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October 25, 2005

A Lost Teachable Moment...

When the Fifteen-Year-Old asked, "Why is so much of Africa so poor?" he was not expecting--and did not react well to--a dramatic reading of parts of James Ferguson (1999), Expectations of Modernity: Myths and Meanings of Urban Life on the Zambian Copperbelt (Berkeley: University of California: 0520217020).

The sociology and the ground-level description in the book are both quite good. But I am unwilling to recommend the book to anyone. From my perspective, it suffers very badly from its impoundment inside one of those grand sociological hall-of-mirrors metanarratives that are totally disconnected from reality. In this case, the grand metanarrative is that the Zambian part of this fallen world is helpless in the grip of Satan--Jeffrey Sachs--and all his minions:

But now the high priests of economics may be changing their message yet again. No less a figure than Jeffrey Sachs... has recently suggested that... an agriculture-led development strategy for African economies may have been a mistake. With the same cavalier disregard for economic history displayed by his predecessors, Sachs reduces the variation in global patterns of economic growth to four "factors": initial conditions, physical geography, government policy, and demographic change.... [I]t is physical geography, he suggests, that turns out to be decisively important for tropical regions like sub-Saharan Africa. Permanently "penalized" by the disadvantages of its tropical climate.... "Nowhere has tropical agriculture led the escape from poverty," he declares....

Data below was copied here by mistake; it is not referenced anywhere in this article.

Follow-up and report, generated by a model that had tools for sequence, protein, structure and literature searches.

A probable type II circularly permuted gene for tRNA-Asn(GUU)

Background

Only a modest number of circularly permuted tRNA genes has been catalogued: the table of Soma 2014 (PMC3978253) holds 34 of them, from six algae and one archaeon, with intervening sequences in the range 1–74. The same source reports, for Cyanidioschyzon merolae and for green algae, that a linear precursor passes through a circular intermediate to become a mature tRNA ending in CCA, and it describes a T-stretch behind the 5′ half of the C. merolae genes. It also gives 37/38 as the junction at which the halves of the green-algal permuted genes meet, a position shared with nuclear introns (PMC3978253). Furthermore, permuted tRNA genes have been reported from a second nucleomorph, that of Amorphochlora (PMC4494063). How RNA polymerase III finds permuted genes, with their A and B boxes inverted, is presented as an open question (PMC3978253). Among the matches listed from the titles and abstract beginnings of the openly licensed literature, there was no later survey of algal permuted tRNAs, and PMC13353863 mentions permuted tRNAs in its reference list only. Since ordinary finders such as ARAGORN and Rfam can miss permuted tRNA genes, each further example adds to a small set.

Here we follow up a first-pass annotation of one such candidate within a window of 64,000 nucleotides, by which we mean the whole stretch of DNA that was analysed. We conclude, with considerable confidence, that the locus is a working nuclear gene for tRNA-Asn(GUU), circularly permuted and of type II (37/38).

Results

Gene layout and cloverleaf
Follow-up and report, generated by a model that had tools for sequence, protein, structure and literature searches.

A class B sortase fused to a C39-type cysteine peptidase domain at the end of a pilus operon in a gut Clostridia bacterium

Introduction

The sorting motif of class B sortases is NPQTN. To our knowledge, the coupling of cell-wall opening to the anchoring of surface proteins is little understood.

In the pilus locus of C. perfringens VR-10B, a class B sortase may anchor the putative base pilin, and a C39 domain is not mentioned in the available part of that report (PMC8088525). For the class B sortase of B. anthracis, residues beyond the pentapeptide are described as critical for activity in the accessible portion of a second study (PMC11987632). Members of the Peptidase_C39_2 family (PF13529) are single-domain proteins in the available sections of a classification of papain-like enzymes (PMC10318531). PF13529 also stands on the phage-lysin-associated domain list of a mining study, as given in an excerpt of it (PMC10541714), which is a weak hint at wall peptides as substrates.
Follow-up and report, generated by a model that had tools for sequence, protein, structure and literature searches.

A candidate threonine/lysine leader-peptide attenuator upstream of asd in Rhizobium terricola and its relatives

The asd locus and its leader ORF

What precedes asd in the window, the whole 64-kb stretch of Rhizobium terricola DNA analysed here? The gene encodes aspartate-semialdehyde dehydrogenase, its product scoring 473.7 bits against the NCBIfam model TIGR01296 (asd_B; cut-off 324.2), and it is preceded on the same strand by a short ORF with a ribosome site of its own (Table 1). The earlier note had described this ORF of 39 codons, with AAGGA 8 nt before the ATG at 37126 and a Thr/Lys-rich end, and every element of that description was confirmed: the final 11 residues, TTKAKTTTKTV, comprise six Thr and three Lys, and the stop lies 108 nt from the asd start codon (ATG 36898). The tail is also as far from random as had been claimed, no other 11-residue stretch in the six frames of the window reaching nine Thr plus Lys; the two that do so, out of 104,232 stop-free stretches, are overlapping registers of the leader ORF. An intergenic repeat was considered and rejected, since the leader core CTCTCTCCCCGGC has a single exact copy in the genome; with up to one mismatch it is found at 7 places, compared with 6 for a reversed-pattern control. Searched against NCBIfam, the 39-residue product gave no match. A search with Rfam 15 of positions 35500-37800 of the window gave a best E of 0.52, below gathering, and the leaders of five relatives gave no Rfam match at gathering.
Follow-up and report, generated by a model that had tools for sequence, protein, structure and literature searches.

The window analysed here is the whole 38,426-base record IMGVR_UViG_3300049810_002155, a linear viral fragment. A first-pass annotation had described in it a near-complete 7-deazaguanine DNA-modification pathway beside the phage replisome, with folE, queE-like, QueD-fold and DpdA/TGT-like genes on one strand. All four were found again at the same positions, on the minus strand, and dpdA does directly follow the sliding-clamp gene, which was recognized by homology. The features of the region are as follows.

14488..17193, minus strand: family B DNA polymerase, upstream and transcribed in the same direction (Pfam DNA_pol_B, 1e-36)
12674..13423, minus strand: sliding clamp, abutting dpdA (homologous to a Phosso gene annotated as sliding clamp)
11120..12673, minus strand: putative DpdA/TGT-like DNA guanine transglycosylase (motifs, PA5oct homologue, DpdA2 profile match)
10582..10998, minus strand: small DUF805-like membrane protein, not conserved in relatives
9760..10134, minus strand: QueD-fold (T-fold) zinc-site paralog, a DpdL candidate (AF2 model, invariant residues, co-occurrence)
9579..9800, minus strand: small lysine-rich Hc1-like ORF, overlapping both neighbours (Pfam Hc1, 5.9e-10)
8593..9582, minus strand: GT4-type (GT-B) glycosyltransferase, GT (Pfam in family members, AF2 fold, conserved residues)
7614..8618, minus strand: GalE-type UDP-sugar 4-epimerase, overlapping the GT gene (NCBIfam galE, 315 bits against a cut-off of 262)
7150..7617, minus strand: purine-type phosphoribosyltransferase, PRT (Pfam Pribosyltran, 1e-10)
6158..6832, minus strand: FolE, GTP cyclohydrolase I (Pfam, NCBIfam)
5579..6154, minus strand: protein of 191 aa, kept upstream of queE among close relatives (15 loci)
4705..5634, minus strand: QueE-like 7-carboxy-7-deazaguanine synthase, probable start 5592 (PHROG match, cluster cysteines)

[I]t is not clear that there is any place for Africa at all in the new global economy being designed by Sachs and his associates, beyond its historical role as an open field for pillaging mineral wealth.... Effectively "redlined" in global financial financial markets... sub-Saharan Africa today functions as... a zone of economic abjection that also makes a convenient object lesson for third-world governments in other regions that might, without the specter of "Africanization" hanging over them, be tempted to challenge capital's regime of "economic correctness"...

The Lord knows that I am no acolyte of Jeffrey Sachs's. But he does not have "a cavalier disregard for economic history": he has always paid close attention to and thinks a lot about economic history. He has not switched sides from "Back to the Land" to "Back to the Factory": he has always noted the force of both (a) the Prebisch-Singer-Lewis point that (except in exceptional periods) the terms-of-trade the world offers tropical primary-product exporters are lousy, and (b) the Bauer-Krueger point that tariffs that cut off foreign competition create politically-protected monopolies that can be equally poisonous to development. He is not "designing" a global economy in which Africa has "no place": he tries to raise consciousness in the rich industrial core of what is going on in the rest of the world, and has--I think--been remarkably effective.

Posted by DeLong at October 25, 2005 08:59 PM